Dry for a century, Saskatchewan town votes to allow liquor

After being dry for more than 100 years, people in the village of Hepburn, Sask., have voted to allow liquor sales.

Booze could soon be sold at Co-op store in Hepburn

Hepburn, Sask., has voted to approve liquor sales after being dry for more than a century. The local Co-op is applying for a licence. In the distance, the Hepburn Museum of Wheat, located at a closed grain elevator, can be seen. (Google Street View)

After being dry for more than a century, people in the village of Hepburn, Sask., have voted to allow liquor sales.

There's no bylaw that bans booze, that's just the way it worked out. The village of 562 is home to a bible college and was founded by Mennonites who do not drink.

For many decades, no stores have sold booze.

And while many small Saskatchewan towns have hotel beer parlours or "off-sale" outlets that sell beer and wine, that's never been a feature of life in Hepburn.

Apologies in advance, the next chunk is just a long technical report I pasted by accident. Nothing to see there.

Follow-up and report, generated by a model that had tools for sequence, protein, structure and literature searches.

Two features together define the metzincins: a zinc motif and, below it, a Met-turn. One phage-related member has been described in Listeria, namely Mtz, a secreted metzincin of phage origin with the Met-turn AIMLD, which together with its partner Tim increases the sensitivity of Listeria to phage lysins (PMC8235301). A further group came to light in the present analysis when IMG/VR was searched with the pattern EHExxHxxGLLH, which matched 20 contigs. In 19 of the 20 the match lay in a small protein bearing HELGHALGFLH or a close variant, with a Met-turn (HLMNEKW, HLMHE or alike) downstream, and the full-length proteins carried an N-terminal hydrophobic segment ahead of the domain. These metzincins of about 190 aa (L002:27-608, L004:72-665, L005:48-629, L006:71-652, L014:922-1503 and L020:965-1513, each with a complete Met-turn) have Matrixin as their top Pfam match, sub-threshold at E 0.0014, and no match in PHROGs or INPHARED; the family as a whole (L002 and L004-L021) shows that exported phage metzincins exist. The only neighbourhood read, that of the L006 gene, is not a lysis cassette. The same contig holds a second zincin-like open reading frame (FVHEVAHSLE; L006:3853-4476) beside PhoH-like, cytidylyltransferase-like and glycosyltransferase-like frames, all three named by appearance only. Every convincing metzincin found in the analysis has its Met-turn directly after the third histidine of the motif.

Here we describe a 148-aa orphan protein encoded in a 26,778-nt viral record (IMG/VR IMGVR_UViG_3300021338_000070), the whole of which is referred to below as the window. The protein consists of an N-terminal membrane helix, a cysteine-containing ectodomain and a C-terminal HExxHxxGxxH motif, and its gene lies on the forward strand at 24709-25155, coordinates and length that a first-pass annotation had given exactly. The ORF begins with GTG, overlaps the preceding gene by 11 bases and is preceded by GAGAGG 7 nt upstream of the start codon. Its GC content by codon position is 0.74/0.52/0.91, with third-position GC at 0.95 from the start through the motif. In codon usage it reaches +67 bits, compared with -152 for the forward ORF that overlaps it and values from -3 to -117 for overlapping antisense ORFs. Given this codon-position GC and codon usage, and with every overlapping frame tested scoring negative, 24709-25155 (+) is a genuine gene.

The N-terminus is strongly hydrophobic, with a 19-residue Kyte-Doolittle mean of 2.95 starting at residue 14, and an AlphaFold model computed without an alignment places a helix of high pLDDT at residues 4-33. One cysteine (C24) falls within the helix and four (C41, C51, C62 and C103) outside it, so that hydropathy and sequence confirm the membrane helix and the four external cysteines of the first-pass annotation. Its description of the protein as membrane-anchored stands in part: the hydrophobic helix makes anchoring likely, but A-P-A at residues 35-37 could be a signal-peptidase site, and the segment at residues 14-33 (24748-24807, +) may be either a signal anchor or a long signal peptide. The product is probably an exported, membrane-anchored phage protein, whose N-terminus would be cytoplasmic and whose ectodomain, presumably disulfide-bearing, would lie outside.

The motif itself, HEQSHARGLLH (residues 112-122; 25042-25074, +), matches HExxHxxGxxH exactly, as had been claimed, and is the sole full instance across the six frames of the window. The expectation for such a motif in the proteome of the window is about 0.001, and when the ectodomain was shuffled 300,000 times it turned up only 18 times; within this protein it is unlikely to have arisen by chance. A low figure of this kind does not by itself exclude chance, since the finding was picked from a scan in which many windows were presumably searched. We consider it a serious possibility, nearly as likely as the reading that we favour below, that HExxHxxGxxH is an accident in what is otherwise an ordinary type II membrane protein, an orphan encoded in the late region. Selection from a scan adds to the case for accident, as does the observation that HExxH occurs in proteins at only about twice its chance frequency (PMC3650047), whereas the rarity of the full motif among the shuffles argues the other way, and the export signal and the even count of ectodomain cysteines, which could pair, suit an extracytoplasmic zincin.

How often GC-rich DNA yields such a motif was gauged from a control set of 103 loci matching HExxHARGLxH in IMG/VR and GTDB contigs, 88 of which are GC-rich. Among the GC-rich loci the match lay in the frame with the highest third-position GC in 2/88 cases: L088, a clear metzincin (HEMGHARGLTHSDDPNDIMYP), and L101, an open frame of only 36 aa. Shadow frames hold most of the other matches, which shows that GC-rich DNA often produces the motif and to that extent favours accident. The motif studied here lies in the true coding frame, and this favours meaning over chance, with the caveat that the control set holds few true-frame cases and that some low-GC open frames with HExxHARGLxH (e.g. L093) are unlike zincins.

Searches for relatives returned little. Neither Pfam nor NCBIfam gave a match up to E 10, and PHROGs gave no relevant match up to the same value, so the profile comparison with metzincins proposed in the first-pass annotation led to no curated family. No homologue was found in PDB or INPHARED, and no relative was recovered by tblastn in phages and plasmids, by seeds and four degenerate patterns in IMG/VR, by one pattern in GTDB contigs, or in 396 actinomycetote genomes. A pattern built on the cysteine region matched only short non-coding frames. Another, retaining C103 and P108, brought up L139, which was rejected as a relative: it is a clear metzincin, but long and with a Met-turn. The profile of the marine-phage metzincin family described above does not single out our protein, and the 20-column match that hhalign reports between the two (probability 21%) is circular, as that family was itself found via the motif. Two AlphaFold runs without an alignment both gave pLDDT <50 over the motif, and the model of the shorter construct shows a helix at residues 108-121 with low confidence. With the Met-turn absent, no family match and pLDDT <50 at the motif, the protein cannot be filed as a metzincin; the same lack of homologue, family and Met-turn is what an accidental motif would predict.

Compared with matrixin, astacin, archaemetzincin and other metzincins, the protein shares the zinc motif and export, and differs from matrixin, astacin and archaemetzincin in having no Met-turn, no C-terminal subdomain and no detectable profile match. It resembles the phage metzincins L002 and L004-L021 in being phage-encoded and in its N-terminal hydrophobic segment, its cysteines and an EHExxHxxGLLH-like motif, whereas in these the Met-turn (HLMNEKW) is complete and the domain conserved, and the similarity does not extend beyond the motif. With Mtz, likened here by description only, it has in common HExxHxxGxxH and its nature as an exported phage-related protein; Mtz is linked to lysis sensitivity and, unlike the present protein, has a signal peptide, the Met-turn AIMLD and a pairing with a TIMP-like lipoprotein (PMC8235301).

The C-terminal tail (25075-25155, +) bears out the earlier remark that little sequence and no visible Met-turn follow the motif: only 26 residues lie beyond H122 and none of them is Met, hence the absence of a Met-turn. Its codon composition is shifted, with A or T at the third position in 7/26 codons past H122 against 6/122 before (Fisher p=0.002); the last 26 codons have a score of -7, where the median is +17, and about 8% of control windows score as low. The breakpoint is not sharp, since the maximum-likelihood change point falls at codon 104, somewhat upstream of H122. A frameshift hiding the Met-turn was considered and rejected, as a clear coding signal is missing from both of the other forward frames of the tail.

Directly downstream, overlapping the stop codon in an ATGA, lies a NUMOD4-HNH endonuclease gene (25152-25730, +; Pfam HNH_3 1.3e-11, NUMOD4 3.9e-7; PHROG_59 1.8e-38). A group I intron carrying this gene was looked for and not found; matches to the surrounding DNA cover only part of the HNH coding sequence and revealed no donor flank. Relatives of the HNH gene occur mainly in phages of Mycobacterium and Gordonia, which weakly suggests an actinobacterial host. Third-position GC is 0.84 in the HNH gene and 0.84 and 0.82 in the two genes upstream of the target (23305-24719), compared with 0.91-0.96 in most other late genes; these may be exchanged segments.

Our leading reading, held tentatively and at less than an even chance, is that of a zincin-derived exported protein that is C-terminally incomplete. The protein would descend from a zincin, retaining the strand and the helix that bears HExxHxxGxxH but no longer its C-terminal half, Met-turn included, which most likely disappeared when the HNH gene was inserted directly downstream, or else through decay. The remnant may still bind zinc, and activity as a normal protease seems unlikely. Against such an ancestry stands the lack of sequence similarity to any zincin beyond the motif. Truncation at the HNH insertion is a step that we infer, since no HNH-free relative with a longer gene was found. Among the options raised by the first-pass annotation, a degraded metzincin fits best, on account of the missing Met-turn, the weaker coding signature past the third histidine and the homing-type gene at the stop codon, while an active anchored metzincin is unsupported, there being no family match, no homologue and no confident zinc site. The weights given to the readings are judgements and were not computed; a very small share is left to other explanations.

That will change, however.

This week, 264 people voted and 59 per cent of them (155) said they were in favour of allowing liquor sales.

Town council will now send an application to the Saskatchewan Liquor and Gaming Authority asking to set up sales in the local Co-Op store.

Hepburn resident Verna Paetkau, 81, was among 109 who voted against the plan, but said she accepts the decision.

"Some people say they're not going to go in the store if they sell it there, but I don't feel that way," she said. "I'm still going to go in."

Hepburn is located about 50 kilometres north of Saskatoon.